Upward and Onward

From Web Exclusives

I had not known that Edward Upward was still alive until I read that he had died”a tad too late to compliment the man on his longevity, perhaps, but not too late to marvel at it. “He must have been ancient!” I exclaimed to my wife, who”with her customary Anglo-Saxon phlegm”ignored me entirely (which was for the best, of course, as she had no idea who I was talking about and wouldn’t have cared if she had). But I was quite right … . Continue Reading »

The Gnostic Turn

From Web Exclusives

My son was still too deeply immersed in his thousandth or so re-reading of The Wind in the Willows to take an immediate interest in the copy of Antoine de Saint-Exupéry’s The Little Prince that I had just rescued for him from the chilly hinterlands of my library, so I decided to read it again myself. Memory, I found, had not really altered the story in my mind, but also had not quite prepared me for its total effect… . Continue Reading »

Tsunami and Theodicy: Myanmar

From Web Exclusives

(Tens of thousands of Burmese have already died in the wake of Cyclone Nargis, which hit Myanmar this past weekend, and tens of thousands more are threatened by disease and a lack of food and clean water. Children comprise upward of 40 percent of the dead. We thought this would be an appropriate . . . . Continue Reading »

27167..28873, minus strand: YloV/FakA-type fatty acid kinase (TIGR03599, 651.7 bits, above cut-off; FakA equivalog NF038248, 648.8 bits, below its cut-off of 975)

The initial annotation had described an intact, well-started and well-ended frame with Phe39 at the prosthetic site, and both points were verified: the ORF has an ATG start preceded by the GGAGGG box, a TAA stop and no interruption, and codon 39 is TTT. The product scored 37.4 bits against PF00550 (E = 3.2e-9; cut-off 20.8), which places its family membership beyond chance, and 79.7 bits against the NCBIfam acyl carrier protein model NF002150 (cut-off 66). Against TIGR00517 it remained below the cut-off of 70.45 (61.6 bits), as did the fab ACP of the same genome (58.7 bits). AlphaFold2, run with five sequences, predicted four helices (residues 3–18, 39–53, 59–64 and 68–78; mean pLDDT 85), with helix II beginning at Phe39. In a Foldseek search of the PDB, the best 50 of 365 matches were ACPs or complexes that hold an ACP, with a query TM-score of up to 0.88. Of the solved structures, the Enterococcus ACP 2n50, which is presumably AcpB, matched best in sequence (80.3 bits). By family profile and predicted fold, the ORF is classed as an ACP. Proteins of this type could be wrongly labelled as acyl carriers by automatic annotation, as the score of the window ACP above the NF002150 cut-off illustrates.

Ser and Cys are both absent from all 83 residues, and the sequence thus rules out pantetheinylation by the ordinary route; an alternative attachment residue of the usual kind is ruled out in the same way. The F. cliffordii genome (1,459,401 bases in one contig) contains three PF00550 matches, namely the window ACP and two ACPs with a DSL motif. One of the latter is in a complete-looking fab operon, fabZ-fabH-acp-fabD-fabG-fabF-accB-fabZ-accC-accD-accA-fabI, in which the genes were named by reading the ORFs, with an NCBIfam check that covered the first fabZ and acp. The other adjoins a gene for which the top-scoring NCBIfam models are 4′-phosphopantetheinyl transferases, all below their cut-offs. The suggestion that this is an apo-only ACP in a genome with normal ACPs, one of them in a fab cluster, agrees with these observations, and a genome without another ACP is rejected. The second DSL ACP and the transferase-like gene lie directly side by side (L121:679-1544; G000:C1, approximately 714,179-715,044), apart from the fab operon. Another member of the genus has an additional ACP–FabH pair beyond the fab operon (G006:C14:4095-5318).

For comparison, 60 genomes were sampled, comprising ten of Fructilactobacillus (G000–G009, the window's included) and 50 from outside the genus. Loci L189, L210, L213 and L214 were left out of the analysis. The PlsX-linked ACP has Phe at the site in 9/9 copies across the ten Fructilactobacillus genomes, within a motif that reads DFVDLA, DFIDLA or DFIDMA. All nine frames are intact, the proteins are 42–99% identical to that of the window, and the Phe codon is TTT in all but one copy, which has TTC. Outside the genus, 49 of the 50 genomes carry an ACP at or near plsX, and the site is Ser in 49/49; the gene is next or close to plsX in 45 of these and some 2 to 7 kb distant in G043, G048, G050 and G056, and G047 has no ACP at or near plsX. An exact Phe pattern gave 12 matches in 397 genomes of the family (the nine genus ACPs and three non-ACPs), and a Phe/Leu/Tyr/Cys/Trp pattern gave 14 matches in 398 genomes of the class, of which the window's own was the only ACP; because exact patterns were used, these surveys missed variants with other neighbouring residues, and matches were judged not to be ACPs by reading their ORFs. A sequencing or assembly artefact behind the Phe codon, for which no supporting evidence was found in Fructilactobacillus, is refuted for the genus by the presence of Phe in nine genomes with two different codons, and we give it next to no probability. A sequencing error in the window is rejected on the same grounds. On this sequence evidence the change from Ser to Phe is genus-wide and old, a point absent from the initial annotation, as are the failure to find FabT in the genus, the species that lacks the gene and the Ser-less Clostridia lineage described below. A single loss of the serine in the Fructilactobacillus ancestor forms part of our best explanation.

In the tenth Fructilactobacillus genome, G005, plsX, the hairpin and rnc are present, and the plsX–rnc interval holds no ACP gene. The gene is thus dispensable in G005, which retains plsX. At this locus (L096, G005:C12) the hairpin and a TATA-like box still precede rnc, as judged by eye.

Tsunami and Theodicy

From the March 2005 Print Edition

No one, no matter how great the scope of his imagination, should be able easily to absorb the immensity of the catastrophe that struck the Asian rim of the Indian Ocean and the coast of Somalia on the second day of Christmas this past year; nor would it be quite human to fail, in its wake, to feel . . . . Continue Reading »

Roland Redivivus

From the February 2005 Print Edition

Orlando Innamorato (Orlando in Love) by Matteo Maria Boiardo translated by Charles Stanley Ross Parlor. 717 pp. $40 Orlando (or Roland, as he was originally called), the greatest paladin of the (mythic) court of Charlemagne, once loomed in the consciousness of Western culture at least as large as . . . . Continue Reading »

Freedom and Decency

From the June/July 2004 Print Edition

Things could conceivably be far worse. The brief ebullition of indignation that followed Janet Jackson’s rather pathetic exhibitionist display during the Super Bowl’s halftime show was no doubt sincere, but surely it was nothing compared to the fury in Poland earlier this year after . . . . Continue Reading »